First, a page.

# Hands-on Activity: Shake It Up! Engineering for Seismic Waves

### Summary

Students learn about how engineers design and build shake tables to test the ability of buildings to withstand the various types of seismic waves generated by earthquakes. Just like engineers, students design and build shake tables to test their own model buildings made of toothpicks and mini marshmallows. Once students are satisfied with the performance of their buildings, they put them through a one-minute simulated earthquake challenge.

### Engineering Connection

In certain areas of the world, earthquakes are a serious concern. Civil and structural engineers who focus on designing buildings, bridges, roads and other infrastructure for earthquake-prone areas must understand seismic waves and how to construct structures that are able to withstand the forces from the powerful ground motions of the Earth. For testing purposes, engineers design shake tables to simulate (or re-enact) the seismic waves produced by earthquakes and verify the stability and survivability of their structures.

### Educational Standards

•   Common Core State Standards for Mathematics: Math
•   International Technology and Engineering Educators Association: Technology
•   Next Generation Science Standards: Science

### Pre-Req Knowledge

Students should be able to measure length with a ruler, and have an understanding of seismic waves (as provided in the associated lesson).

### Learning Objectives

After this activity, students should be able to:
• Explain the four different types of seismic waves produced by earthquakes.
• Describe the purpose of shake tables and how engineers use them.

### Materials List

Each group needs:
• 1 shoebox
• 1 wooden board (sized to fit in the bottom of the shoebox with room to move in all directions)
• 10 marbles
• 20 Popsicle sticks
• 10 rubber bands
• string, ~50 cm to 1m in length
• hot glue gun and 3 glue sticks
• 1 sandwich bag of mini marshmallows
• toothpicks, a handful or unlimited, depending on materials limitations imposed by teacher
• Shake It Up! Activity Worksheet, one per person
To share with the entire class:
• duct tape
• scissors and/or box cutters
• stopwatch
To build the teacher's shake table (optional):
• Build a shake table that uses a variable speed drill to move the table; follow instructions at John Lahr's Shake Table website: http://jclahr.com/science/earth_science/shake/index.html; materials include: plywood, wooden blocks, foam core board, hollow metal tubes, hot glue, metal rods (welding rods), rod with u-shaped bend, wire, strapping tape (or piece of rubber), fasteners, and a variable speed drill with a speed control unit.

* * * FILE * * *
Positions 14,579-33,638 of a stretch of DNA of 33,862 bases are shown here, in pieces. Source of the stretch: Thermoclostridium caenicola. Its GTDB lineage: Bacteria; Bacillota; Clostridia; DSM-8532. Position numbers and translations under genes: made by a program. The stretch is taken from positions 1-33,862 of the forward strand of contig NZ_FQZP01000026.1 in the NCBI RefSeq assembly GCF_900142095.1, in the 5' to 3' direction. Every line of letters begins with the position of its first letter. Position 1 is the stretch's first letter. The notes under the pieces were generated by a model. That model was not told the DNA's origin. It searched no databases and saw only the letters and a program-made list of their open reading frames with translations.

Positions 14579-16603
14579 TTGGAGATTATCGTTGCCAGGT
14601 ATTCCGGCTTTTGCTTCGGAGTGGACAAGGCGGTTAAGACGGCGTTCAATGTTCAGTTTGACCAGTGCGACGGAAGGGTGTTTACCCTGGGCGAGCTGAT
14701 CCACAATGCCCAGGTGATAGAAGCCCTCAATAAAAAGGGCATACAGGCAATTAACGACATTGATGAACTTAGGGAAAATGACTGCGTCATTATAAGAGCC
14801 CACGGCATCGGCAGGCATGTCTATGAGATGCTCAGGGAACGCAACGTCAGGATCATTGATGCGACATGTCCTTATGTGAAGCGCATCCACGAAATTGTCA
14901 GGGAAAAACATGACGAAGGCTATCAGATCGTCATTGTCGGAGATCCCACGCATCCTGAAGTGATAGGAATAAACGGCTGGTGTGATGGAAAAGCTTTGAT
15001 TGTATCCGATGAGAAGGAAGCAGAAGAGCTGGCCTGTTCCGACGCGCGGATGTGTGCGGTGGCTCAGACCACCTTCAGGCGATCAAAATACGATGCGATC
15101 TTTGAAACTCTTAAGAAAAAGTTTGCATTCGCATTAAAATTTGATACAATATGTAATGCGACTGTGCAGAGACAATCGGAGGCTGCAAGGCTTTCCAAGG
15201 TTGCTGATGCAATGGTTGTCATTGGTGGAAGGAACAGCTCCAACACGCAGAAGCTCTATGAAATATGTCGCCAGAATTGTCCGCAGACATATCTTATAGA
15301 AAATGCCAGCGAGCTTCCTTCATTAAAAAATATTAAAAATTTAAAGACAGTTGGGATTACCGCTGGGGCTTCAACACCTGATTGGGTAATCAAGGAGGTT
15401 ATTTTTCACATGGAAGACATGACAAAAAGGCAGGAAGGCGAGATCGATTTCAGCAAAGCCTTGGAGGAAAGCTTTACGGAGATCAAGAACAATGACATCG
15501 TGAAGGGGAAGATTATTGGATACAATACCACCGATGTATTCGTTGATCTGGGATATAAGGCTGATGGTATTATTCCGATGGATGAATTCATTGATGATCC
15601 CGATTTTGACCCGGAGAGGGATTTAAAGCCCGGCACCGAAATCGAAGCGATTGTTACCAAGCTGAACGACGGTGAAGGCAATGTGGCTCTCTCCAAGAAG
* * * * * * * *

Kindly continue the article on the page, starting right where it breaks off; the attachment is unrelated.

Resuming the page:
• Alternatively, if you do not want to build the drill-powered shake table, have the class select the best shake table from all the groups and use that one for the one-minute earthquake challenge testing.
• Alternatively, the engineering colleges at some universities make available their shake tables for use by outside student groups for academic purposes.

### Introduction/Motivation

How many different kinds of waves can you think of? (Listen to student suggestions and add others. For example, electromagnetic [light, radio], sound, ocean [water], seismic, pressure, compression, standing and sine waves.) No matter what kind of wave, what do they have in common? (Draw a wave on the board and identify its parts.) That's right: amplitude, wavelength, crest, trough, frequency.
What types of waves do we associate with earthquakes? That's right, seismic waves. Seismic waves are waves that move through the Earth, and are typically created by earthquakes. For all seismic waves, the amplitude or intensity of the wave is dependent on three things:
1. The depth at which the earthquake took place (the closer to the surface, the greater the amplitude of the wave)
2. The intensity of the earthquake (earthquakes with higher Richter scale ratings produce more intense seismic waves)
3. The composition of the Earth's crust
The people who work in "earthquake engineering" focus on protecting us and the natural and human-built environments from earthquakes. They want to limit our risk of death and damage from earthquakes. How can we possibly make sure that our school or stadium or a skyscraper or a freeway overpass will not collapse in a big earthquake? Well, engineers create shake tables to test the ability of buildings and other structures to withstand the seismic waves produced by earthquakes. To do this, they carefully design and construct shake tables that can accurately re-enact the ground motion of the Earth during earthquakes. Sometimes they test full-size buildings and sometimes they test small-scale model buildings or components. Some shake tables are large enough to put a real-size building on; others are smaller, even tabletop size. By doing this, engineers can test materials, designs, and construction methods to develop building codes and best practices that provide people living in earthquake-prone areas with safe and survivable surroundings.